Dental Emergency Procedures That Can Help Save a Tooth

It happens. Your children are enjoying the summer weather, romping in the yard having fun in the sun, when you suddenly hear screaming. When you run out, you see your oldest child bleeding from his mouth. A quick look shows that his front tooth has popped out during the roughhousing. Although he seems to be fine (albeit in a little pain), the kids seem fascinated with the avulsed tooth and are actively poking at it in the mud. What do you do? Dental emergencies like these are a part of life. But what do you do to deal with such dental emergencies in which you have lost a tooth, broken a tooth or are facing excruciating pain in the middle of the night? How do you deal with dental emergencies quickly and efficiently? These tips will help prepare you if it happens to you.


Knocked Out Teeth

If you can find the tooth, gently pick it up and rinse the root off in running water. Do not touch the root or scrub it, or remove any of the attached tissue. Store the tooth in a clean container filled with milk and head for the dentist immediately. If the socket is open and clean, you can also try to place the tooth back in the socket. Do not attempt this is if the tooth appears to be broken or if the socket appears to be filled with dirt.

Cracked or Fractured Teeth

There is no way to treat a cracked or fractured tooth at home. The tooth may look fine, but biting down on the tooth will cause severe pain that decreases immediately after chewing. In this case, you will have to get an X-ray of the affected tooth to see just how bad the fracture is. You should avoid biting down on the tooth. The dentist may be able to treat the problem but it will require extensive care.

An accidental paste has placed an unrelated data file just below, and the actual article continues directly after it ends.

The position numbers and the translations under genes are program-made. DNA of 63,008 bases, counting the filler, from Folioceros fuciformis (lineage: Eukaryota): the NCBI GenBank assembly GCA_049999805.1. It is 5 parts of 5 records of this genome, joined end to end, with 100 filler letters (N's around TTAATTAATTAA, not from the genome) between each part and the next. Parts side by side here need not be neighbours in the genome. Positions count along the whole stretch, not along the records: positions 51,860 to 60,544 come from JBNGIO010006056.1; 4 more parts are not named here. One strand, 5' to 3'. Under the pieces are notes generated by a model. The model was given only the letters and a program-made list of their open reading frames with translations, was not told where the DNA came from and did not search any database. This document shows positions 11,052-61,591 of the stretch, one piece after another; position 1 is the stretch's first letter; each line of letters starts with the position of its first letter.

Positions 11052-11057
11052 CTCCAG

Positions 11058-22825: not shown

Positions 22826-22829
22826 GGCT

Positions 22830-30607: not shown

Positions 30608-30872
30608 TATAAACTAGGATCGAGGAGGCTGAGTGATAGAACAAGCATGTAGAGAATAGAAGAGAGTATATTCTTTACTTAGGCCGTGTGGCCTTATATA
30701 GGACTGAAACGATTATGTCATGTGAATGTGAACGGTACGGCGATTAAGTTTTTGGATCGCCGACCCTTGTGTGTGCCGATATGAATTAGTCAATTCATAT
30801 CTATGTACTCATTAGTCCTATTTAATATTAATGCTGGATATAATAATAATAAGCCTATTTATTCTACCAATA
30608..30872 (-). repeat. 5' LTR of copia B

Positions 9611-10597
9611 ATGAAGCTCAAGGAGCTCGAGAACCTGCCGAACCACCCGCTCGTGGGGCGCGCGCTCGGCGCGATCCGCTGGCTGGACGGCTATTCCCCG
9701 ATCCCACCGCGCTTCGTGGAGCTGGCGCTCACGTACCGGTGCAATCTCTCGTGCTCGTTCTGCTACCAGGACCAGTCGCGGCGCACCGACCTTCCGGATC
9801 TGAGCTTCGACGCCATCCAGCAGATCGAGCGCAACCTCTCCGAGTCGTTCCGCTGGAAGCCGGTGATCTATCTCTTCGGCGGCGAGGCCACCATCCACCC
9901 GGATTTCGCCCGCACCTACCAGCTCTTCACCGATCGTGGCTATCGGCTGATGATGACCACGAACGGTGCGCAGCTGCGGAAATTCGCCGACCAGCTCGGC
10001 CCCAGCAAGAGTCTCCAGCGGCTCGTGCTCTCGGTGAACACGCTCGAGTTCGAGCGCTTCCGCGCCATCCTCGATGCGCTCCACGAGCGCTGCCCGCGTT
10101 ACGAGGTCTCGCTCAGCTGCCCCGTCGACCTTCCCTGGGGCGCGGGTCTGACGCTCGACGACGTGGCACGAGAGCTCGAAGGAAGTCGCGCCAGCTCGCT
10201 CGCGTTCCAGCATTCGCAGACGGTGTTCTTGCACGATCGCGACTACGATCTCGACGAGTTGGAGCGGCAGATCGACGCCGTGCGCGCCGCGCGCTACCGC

Broken Teeth

A broken tooth is quite painful, but you can start by swishing your mouth out with warm water to reduce any pain. Use dental floss to remove any food that may be stuck around the tooth’s surface and apply pressure in case there is bleeding. If the warm water does not work, use a cold compress to control swelling and pain. In case of severe pain, take an OTC painkiller and contact your dentist immediately.

Chipped Teeth

Chipped teeth are not painful but they may be sensitive for a very long time. However, most dentists will be able to treat the problem by repairing the chipped surface with composite or tooth colored dental restorative material. If the damage is extensive, you may require a root canal.

Avoiding Tooth and Mouth Injuries

Although dealing with dental injuries is important, it is just as important to prevent these injuries. About 80 percent of all dental injuries affect one or more of the front teeth, but it is very easy to protect these teeth with simple preventive measures. For example, helmets and mouthguards should be made compulsory during play. Make sure you also have an emergency dentist on dial. You might be surprised, but most private dentists do provide emergency dental services. We recommend you find a dentist who provides this service and keep his or her number ready for any such emergencies. It will ensure that you have professional backup in case such emergencies occur.

Furthermore, ask your dentist for after-hour emergency phone numbers. Dental emergencies never seem to happen at convenient times, but if you’re on vacation or chip a tooth in the middle of the night, the after-hours contact info will come in handy.